Our fun wasn’t over yet though. We had been motoring out in a strong favorable current, making for a very attractive ETA into Weymouth, but all of this volume of water collided in front of us with a counter current flowing out of the Channel, causing overfalls. We had encounter this type of agitated water along the Portuguese and Spanish coasts, where water ebbing out of a river hits the tidal inflow from the sea. It can look like a benign white line from a distance, but as you get closer, the three dimensional size becomes clear, and once you are in it, large swirls of ocean water the diameter of a large city bus shove you off course quicker than can be corrected by your own rudder. The water from these overfalls literally went over our foredeck, and came racing down the side deck to find Karen sitting at the helm, dousing her with cold English water. Once on the way to Sark, and now just a few days later leaving Guernsey, she wasn’t having much luck with Poseidon!
Clear of the overfalls, we unfurled sails and set a close-hauled course for Weymouth with a building breeze. Soon we were seeing winds upwards of 18 knots, pushing us to put a reef in the mainsail. We were nearing the inbound lane of the TSS, and I could see on the AIS a line of ships ahead of us, with a rare and fortuitous gap that looked like it would line up with our timing of crossing their lane. We slid through the gauntlet, perfectly spaced like pieces of airport luggage on an automated conveyor belt. The TSS had an equally wide space in the middle, a boulevard median if you will, to ensure no ships collide with oncoming traffic. This gave us time to look at the outbound traffic on AIS, and note with ease that a large gap appeared behind the ships directly ahead of us. But one of the fallacies of AIS is the line-of-sight broadcast range, meaning that as more ships appear above the horizon, they would backfill the empty outbound lane on our chart plotter with a continuous emergence of new vessels. We slowed down slightly to take the stern of one ship, and scooched quickly across in time to be free of the next ship’s bow.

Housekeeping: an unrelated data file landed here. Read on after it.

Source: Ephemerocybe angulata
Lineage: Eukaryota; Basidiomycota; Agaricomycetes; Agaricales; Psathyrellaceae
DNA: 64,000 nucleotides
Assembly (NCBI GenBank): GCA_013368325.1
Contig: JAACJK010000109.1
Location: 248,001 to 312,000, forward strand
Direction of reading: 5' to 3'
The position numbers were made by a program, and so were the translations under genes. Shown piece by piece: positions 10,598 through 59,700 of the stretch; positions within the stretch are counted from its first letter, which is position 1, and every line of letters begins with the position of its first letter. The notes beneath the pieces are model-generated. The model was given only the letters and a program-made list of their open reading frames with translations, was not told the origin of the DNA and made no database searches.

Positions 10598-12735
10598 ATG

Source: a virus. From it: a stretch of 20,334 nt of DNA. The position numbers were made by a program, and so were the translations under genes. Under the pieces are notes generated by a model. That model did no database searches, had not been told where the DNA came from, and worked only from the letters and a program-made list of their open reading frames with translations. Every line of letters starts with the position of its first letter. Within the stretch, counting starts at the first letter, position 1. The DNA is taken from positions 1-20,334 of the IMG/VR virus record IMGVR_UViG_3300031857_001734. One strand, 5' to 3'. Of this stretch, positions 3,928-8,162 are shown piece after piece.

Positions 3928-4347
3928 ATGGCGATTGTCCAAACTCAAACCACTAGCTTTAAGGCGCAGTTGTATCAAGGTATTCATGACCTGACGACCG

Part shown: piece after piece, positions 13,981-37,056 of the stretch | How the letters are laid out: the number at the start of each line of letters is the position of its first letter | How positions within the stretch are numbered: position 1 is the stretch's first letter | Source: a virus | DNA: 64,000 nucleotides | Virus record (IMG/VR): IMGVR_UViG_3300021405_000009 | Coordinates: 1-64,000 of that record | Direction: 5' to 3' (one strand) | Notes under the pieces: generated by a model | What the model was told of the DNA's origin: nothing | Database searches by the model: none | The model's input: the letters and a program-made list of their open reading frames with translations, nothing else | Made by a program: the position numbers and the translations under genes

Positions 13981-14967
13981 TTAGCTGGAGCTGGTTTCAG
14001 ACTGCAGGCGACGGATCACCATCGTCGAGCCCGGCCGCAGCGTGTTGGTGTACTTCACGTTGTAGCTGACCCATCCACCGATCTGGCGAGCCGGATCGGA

As we closed the coast of England, our next challenge was how to negotiate Portland Bill, a large peninsula jutted out from the coast and around which the tidal current can accelerate to speeds that can not be overcome by a sailboat’s modest engine. In addition, the current in the main part of the Channel was now shifting to push us west of Portland Bill, when we needed to pass on the east side in order to make the harbor at Weymouth. In my mind, I was seeing the hungry Kraken, sitting at Portland Bill, enjoying the prospects for dining tonight on unsuspecting small boaters. Worse, if we went too far east, we would cross a string of shallows labeled on the chart as the ‘Shambles’, comprised of long angular streaks in the sea floor resembling the swipe of a grizzly bear’s claw. What kind of welcome was this? Had the British lost their air of congeniality?!